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Must see locations, events and places to travel and enjoy in Malaysia.
Must see locations, events and places to travel and enjoy in Malaysia.
A bloodcurdling scream pierces the soupy humidity of the Malaysian night. Emanating from the depths of the impenetrable forest, it rumbles around the darkness, reverberating off colossal trunks and interrupting the tireless croaking of rowdy bullfrogs. “Someone in other group. See big spider,” whispers Angah, our guide, in colourful staccato Manglish. My concerns are more snake-related, given that I’ve forgotten my torch and arrived in plastic sandals, a potentially lethal oversight since my surroundings sparkle like fairy dust with the shining eyes of a thousand tiny insects. Angah’s flashlight reveals nests of splenetic black scorpions skulking in a hollowed trunk and spindle-legged spiders astride glistening golden threads. “Natives [sic] say only spider without web will attack. Web spider friendly,” she says.
This is my introduction to Taman Negara, literally meaning ‘national park’. It’s a sprawling natural heartland, extending some 4,343 sq km over three different states, and evolving fora mind-boggling 130 million years, to make it one of the world’s most ancient rainforests. Dense tropical lowlands overlooked by mountainous peaks accommodate a veritable cornucopia of strange and spectacular inhabitants. There are crab-eating macaques and roaring deer, insect-devouring pitcher plants and wheel-sized rafflesia (corpse flower), the world’s largest and possibly worst-smelling bloom.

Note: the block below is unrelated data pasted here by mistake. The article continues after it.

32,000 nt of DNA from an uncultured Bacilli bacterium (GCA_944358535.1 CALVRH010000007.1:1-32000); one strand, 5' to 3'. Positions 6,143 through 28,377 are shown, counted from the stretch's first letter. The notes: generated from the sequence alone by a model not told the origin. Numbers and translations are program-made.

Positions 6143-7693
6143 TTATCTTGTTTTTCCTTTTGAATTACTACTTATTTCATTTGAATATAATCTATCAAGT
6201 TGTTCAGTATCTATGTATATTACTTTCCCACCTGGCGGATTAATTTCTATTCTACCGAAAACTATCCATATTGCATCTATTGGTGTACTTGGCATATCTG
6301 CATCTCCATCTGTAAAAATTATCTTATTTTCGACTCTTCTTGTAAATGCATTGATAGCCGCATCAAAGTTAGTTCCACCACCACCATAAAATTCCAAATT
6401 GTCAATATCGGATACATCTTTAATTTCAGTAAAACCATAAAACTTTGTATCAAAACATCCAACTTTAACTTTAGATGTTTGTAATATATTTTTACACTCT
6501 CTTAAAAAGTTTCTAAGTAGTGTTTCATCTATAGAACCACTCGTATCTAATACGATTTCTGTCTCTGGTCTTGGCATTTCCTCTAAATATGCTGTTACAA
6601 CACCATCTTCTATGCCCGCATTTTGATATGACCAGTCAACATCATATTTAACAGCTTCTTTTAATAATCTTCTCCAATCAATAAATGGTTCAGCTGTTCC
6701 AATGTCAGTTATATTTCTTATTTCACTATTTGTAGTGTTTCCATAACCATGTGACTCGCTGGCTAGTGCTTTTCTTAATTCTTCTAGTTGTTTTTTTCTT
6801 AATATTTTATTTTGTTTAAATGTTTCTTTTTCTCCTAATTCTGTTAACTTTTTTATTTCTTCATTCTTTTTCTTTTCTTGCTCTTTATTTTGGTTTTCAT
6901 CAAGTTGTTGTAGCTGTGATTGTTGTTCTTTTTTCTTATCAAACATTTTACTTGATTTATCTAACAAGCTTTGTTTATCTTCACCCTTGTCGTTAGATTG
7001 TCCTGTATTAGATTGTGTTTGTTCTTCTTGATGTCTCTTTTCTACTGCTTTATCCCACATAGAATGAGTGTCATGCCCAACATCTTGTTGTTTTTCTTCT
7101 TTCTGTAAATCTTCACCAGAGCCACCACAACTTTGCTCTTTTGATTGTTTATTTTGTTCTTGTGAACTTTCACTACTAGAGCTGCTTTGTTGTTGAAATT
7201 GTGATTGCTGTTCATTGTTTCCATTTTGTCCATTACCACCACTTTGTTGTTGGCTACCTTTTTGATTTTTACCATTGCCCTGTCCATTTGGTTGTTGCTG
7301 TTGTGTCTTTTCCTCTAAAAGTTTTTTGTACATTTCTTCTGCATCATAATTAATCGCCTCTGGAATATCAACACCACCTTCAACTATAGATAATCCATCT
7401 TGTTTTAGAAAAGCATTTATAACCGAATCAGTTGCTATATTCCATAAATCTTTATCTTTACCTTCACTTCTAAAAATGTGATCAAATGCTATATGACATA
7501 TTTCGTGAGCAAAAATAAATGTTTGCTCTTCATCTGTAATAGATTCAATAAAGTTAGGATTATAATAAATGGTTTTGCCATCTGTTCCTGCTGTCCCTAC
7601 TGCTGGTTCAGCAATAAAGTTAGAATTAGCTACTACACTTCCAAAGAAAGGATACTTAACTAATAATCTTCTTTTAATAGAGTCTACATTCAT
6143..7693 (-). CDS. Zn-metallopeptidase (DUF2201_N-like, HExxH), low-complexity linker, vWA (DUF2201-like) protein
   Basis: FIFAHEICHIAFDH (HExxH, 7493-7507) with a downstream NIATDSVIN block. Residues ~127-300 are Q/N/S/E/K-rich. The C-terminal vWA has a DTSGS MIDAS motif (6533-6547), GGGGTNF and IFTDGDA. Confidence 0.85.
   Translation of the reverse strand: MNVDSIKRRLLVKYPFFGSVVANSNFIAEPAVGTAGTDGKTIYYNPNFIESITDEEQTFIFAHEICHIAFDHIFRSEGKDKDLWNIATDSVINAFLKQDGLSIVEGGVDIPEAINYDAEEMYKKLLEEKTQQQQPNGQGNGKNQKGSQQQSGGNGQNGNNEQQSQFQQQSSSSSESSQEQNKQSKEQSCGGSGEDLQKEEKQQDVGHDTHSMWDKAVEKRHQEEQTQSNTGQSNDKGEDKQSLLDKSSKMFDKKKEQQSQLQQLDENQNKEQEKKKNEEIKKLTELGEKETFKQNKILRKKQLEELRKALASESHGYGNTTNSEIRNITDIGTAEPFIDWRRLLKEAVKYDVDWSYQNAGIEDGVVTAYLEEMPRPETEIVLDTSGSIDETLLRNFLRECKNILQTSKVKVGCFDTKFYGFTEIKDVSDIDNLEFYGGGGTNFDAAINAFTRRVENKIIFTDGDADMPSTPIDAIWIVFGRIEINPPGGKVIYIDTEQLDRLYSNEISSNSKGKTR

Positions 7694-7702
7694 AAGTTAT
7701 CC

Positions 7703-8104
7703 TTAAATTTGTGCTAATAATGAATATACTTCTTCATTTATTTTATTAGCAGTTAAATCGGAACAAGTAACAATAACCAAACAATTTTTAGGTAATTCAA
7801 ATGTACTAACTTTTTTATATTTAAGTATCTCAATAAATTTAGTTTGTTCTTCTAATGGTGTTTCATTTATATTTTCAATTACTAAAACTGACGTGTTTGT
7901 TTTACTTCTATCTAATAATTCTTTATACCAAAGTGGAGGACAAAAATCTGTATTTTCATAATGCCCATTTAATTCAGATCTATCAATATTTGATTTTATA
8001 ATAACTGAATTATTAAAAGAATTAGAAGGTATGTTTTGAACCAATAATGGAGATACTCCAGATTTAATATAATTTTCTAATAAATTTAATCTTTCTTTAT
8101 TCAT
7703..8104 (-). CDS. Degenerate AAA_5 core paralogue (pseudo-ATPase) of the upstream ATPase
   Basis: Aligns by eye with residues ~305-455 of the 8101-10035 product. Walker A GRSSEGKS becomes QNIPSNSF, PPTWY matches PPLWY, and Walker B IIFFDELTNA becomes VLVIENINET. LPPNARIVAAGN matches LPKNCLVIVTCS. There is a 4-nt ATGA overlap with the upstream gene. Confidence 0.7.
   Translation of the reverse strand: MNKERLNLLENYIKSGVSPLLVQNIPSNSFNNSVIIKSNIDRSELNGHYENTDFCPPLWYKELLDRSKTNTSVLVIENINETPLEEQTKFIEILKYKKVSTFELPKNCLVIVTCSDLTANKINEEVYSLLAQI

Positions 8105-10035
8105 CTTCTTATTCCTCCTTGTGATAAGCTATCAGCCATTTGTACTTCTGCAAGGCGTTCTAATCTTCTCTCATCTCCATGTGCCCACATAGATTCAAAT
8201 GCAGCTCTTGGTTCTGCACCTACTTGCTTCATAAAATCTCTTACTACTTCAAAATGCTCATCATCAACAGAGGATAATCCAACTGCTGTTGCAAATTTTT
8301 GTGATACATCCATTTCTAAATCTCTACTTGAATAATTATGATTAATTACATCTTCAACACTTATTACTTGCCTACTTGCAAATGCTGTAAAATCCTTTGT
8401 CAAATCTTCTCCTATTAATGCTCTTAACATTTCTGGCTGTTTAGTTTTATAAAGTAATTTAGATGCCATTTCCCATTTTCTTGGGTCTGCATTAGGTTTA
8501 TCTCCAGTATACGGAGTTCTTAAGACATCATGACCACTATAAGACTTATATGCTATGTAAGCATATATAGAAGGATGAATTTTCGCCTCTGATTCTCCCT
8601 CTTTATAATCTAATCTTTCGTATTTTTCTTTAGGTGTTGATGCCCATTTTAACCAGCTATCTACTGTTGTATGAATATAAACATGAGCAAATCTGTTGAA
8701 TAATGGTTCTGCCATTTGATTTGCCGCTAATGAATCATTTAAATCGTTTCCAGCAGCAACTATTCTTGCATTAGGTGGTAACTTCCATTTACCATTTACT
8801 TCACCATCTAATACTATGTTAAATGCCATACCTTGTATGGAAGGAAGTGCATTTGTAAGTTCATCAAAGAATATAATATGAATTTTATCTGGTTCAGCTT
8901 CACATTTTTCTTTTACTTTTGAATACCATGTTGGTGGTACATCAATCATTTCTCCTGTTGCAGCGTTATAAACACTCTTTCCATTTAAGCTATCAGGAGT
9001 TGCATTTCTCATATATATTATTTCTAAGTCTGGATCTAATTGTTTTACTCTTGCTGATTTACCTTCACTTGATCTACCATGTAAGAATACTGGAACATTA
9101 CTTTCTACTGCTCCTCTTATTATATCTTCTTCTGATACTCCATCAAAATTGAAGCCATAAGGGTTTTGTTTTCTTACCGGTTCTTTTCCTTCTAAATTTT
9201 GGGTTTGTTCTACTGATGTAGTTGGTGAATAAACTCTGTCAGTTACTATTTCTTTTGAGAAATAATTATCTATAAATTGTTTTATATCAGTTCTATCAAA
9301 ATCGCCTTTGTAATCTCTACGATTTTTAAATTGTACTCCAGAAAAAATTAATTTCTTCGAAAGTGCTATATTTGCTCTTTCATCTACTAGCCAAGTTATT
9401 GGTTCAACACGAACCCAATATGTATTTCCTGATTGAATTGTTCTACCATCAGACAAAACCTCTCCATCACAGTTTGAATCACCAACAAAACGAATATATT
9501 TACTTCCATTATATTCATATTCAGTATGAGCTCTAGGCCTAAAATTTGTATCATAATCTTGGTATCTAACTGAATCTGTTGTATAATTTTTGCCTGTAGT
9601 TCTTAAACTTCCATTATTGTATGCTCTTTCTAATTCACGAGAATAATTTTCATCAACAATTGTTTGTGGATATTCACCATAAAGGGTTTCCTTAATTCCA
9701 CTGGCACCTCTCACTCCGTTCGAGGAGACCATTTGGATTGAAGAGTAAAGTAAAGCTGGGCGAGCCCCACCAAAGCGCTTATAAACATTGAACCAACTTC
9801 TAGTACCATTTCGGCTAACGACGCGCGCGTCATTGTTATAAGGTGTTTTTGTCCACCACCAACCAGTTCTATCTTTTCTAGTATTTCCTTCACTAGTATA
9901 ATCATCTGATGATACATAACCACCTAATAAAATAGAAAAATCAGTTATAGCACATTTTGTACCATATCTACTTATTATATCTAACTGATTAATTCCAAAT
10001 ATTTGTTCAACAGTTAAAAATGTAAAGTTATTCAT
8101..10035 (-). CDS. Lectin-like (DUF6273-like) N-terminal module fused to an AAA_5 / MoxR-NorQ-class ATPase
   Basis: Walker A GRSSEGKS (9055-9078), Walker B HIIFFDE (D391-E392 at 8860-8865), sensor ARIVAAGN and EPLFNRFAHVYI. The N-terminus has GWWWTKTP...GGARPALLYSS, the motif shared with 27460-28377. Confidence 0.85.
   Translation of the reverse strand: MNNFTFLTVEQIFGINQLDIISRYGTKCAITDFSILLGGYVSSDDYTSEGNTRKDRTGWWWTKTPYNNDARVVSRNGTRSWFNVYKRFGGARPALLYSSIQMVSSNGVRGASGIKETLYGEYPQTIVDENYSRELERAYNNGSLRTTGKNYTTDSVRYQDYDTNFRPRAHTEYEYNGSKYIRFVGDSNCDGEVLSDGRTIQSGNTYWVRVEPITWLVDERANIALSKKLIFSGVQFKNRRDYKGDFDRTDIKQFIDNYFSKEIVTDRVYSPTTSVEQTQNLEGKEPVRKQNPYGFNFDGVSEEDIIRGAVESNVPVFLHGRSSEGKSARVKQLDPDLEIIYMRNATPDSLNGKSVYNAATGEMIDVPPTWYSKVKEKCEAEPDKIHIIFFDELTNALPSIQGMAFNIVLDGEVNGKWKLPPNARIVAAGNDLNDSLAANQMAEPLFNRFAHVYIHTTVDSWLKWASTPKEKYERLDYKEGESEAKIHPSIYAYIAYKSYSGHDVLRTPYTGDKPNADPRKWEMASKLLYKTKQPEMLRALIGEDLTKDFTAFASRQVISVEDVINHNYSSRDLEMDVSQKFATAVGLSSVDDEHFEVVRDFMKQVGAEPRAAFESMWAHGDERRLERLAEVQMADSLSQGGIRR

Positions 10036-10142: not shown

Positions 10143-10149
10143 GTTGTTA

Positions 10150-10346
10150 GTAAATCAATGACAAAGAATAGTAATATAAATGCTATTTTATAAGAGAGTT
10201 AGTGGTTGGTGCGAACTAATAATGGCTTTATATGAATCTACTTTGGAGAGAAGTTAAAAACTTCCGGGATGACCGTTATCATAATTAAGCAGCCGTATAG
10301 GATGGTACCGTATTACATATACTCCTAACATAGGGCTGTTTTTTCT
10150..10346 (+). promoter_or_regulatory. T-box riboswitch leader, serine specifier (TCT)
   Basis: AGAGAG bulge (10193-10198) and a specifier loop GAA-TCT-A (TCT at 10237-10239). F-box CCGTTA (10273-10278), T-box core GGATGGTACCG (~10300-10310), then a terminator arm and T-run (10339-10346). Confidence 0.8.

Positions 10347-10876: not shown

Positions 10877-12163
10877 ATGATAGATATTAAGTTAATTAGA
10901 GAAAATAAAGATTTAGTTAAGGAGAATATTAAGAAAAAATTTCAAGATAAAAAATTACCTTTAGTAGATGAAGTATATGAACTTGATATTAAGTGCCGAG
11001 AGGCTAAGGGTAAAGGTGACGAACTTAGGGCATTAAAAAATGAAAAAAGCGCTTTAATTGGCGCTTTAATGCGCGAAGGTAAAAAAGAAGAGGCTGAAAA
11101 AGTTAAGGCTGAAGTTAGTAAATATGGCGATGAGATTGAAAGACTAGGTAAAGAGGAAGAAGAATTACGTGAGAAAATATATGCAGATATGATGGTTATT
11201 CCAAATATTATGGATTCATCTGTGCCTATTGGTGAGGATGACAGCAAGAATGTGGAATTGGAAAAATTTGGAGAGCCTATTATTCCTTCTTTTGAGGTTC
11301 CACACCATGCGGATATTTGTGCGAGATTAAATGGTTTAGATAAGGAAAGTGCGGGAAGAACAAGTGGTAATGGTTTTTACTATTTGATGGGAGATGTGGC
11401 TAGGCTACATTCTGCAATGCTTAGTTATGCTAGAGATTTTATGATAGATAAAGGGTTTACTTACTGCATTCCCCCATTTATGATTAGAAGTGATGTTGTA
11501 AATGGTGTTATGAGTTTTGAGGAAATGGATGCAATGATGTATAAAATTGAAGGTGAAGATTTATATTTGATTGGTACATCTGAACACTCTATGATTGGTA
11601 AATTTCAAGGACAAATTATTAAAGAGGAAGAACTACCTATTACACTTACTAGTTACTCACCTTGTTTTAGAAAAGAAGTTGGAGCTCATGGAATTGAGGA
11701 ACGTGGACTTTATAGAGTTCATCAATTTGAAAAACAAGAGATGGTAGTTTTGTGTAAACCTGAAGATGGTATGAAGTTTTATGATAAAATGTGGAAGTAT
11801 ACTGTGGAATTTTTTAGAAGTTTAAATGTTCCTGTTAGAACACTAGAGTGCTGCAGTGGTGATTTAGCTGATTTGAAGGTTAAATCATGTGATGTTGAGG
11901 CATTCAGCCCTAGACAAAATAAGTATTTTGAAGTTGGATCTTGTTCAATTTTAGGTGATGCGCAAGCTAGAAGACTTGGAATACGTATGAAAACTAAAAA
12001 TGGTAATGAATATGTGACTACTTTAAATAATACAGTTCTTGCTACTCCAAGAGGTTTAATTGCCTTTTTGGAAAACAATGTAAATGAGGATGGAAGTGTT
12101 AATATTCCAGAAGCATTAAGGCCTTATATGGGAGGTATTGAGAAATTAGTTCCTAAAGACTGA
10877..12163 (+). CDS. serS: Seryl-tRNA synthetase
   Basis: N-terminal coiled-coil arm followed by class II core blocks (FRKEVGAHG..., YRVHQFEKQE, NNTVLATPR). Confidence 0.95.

Making it to the National Park has been a considerable test of stamina in itself. My partner and I left crowded Kuala Lumpurearly in the morning to travel 200km on a rickety old bus bound for northern Penang and the muddy banks of the Tembeling River. We transferred from bus to motorised longboat and phut-phutted along turbid backwaters for three hours to reach the shabby little township of Kuala Tahan, gateway to the National Park. Here, we clambered onto a clapboard boardwalk to join other travel-weary tourists gently stewing in the steamy jungle heat while seeking food and shelter under the tin-roofs of floating restaurants.
Eventually, a water taxi ferried us to the opposite hillside and Mutiara Resort, our stay for the next three days and the only lodgings located within the reserve. Its bungalow chalets fashioned in dark wood nestle neatly into the margin of the rainforest. At dusk we turned the key in our cabin door just in time to gaze through opened shutters at the river snaking into a resplendent sunset and a sky bruised chilli red and saffron yellow. Daybreak in the jungle is a momentous occasion, celebrated with a hallelujah chorus of chirping crickets and the ‘yoo-hoo, ha ha’ wake-up call of cheery hornbills.